The First Rule of Managing Your Retirement Fund in a Pandemic? Don’t Panic.

07/13/2020 - Retirement

You don’t need me to tell you that these are uncertain and unprecedented times; I’m sure you feel it yourself everyday, as you talk to friends and family—virtually or from a distance, of course; watch the news and social media; and yes, check your retirement accounts. No one knows what the next few days, weeks, months, or even years may bring. Many signs point to an ongoing struggle as we face a novel foe in the form of COVID-19—at least for the time being.

The markets reflect much of our anxiety about what the future holds for our health, our safety, and our wallets. When you see the drop in value of your 401(k), caused by a COVID-19-driven market, you may feel all the symptoms of a panic attack coming on: rapid pulse, sweaty palms, an overwhelming sense of dread, and more. In times like these, many consider liquidating their investments and moving what they have into a money market account, hoping to just wait it out and hold on to what hasn’t yet been depleted. I know how common this rationale is among investors because they call me.

I’ve been an independent wealth advisor for three decades now. I’m used to talking panicked clients off a ledge in what seems like the worst of times. I did it after 9/11, and again after the Tech Bubble burst. And I’ll tell you what I tell those clients when my phone rings, their worry almost palpable: this isn’t the time to lean in to that feeling.

I know it may feel like the world is disintegrating in front of your eyes. It may seem logical to hunker down with the acorns you still have and hope and pray that spring arrives soon. That may be a fine strategy for squirrels, but it’s not good for humans who have to pay for things with money—often for twenty or thirty years after they stop working.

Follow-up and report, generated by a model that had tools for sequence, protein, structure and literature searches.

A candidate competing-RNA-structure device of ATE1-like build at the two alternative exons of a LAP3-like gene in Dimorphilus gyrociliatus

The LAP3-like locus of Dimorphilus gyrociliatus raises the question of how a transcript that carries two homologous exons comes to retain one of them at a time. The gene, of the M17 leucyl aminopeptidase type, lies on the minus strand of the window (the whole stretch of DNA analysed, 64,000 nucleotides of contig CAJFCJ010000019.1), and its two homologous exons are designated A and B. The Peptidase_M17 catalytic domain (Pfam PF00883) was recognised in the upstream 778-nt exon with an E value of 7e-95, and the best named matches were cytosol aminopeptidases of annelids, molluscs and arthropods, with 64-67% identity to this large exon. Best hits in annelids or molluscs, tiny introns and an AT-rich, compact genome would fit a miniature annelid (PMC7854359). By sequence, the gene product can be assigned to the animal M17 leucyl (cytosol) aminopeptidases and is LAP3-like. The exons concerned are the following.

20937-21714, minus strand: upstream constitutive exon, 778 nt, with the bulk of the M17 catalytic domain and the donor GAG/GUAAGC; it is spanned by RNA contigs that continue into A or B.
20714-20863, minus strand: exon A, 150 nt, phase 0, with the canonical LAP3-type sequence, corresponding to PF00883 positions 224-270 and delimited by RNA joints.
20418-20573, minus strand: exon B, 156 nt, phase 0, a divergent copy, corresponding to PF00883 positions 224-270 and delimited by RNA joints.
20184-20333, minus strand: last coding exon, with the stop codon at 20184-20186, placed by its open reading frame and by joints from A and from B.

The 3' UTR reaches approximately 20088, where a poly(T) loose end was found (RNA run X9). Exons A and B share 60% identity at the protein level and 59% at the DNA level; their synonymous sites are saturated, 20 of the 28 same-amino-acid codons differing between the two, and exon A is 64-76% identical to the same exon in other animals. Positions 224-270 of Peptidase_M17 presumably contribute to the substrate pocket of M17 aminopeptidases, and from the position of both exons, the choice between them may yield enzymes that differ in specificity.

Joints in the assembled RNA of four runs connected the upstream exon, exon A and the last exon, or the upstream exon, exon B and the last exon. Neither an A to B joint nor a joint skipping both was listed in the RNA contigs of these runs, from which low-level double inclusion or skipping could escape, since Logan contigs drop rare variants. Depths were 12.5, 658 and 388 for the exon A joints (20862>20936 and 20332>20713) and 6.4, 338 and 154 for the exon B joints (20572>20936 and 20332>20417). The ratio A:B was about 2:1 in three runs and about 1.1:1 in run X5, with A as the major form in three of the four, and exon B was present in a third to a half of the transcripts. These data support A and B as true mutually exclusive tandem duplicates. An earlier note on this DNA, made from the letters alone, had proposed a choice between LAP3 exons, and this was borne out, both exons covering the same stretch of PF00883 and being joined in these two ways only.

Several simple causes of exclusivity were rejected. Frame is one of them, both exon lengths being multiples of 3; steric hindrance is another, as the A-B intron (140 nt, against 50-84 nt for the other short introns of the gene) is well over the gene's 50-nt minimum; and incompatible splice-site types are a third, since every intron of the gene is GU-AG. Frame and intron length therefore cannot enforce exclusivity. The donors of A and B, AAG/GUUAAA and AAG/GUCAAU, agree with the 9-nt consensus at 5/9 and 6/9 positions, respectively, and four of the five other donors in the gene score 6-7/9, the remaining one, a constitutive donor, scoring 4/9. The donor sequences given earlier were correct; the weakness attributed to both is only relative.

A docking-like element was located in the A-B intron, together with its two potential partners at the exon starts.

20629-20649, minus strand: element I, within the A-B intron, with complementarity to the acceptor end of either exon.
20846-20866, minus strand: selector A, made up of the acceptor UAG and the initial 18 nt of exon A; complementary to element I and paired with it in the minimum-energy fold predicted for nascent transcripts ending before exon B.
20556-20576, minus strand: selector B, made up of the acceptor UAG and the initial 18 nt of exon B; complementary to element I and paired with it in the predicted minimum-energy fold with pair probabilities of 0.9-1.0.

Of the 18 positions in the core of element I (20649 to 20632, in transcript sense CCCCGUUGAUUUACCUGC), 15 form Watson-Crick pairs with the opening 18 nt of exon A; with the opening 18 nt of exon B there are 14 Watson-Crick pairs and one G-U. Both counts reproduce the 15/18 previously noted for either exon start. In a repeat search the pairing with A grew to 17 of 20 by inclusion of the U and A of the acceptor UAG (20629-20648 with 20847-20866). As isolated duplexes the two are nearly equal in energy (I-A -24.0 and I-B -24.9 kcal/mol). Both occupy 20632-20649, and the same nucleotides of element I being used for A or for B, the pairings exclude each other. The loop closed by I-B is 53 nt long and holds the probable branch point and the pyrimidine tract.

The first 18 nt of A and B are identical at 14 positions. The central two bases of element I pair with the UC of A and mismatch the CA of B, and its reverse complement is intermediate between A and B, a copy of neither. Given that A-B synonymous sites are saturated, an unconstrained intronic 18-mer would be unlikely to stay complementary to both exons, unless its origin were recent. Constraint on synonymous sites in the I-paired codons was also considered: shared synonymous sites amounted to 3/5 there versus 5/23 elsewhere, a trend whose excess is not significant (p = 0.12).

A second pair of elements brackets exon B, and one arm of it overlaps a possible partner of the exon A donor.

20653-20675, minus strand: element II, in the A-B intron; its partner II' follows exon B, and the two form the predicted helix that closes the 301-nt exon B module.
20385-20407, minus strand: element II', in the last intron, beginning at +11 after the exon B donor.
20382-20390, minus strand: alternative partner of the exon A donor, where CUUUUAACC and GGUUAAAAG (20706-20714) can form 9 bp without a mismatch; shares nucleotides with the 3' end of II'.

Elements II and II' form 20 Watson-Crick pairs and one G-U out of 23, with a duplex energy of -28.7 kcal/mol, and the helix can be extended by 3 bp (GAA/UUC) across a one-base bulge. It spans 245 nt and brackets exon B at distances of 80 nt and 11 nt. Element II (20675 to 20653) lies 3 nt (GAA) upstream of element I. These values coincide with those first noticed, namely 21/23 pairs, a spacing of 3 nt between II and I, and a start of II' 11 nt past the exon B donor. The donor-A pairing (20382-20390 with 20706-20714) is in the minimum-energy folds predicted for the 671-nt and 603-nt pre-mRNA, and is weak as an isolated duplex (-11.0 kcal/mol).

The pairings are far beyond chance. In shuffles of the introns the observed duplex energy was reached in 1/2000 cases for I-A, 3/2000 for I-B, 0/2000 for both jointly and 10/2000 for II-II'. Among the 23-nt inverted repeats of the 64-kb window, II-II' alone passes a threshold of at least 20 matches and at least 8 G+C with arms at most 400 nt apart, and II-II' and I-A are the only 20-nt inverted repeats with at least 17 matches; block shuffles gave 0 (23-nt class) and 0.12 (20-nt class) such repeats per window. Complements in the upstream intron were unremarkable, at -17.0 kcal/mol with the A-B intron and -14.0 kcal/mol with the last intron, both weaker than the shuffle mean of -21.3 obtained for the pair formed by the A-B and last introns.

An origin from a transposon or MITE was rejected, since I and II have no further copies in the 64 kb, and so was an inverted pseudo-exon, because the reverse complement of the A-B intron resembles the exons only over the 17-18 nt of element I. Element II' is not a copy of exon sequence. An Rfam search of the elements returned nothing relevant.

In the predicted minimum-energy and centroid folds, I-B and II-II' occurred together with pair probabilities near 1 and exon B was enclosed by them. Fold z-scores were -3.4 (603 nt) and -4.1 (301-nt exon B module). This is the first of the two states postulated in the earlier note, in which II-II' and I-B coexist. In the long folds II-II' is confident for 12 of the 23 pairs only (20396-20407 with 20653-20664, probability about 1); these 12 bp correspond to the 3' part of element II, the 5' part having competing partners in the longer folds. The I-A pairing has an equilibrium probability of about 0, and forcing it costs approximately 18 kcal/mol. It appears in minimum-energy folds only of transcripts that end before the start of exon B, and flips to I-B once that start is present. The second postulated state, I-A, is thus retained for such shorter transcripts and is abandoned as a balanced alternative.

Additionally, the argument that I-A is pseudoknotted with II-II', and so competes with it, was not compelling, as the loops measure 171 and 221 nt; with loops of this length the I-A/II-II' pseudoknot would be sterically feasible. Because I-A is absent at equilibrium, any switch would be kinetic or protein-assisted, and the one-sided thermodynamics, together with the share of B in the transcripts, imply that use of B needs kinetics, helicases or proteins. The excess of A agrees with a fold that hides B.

We can turn to an old Wall Street adage for a better approach: Buy low and sell high. Why? When you sell low, you lock in any losses that you’ve experienced—permanently. Meanwhile, long-term investors know that volatility is an inherent part of investing. Markets go down, and they go up; it’s the nature of the game. Investors make decisions with this in mind. And now, when markets are down, is not the time to sell your equity investments. What should you do instead? Give your retirement investments time to recover.1

When your worries start to rack up and you feel an itch in that mouse-clicking trigger finger, consider taking a break from your regular media channels—and from checking your account retirement balances. I often tell clients that a little dispassion in a volatile market often helps their case, especially if they’re nearing retirement. Everything is temporary, and the more you can do to remind yourself of that, the better off you’ll be.

And though it may seem counterintuitive, this may actually be the perfect time to continue adding to your investments (something that happens automatically when you set up recurring payroll deductions), rather than pulling money out. Why? The drop in the market means you can get shares at a cheaper rate. In times like these, you end up getting more for your money—which could be a real boon when we return to some semblance of normalcy, sending moods and markets alike higher.

In addition, if you’re working with a competent advisor, he or she has taken steps to protect what you’ve worked so hard to acquire. Plus, while there are no guarantees in life, history has shown us time and again that economies operate cyclically. Lows are par for the course—but so are highs. In short, don’t panic. Eventually, we’ll get to the other side.

With that in mind, we can look to those acorn-hoarding squirrels for one important lesson worth noting: Oftentimes, a long, cold winter makes for an even sweeter spring.

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This blog does not take into account the specific objectives or circumstances of any particular investor, or suggest any specific course of action. Investment decisions should be made based on an investor’s objectives and circumstances and in consultation with his or her advisors. It is important to review investment objectives, risk tolerance, liquidity needs, tax consequences and any other considerations before choosing an investment style or manager.

This material contains forward-looking statements, predictions and forecasts (“forward-looking statements”) concerning our beliefs and opinions in respect of the future. Forward-looking statements necessarily involve risks and uncertainties, and undue reliance should not be placed on them. There can be no assurance that forward-looking statements will prove to be accurate, and actual results and future events could differ materially from those anticipated in such statements.

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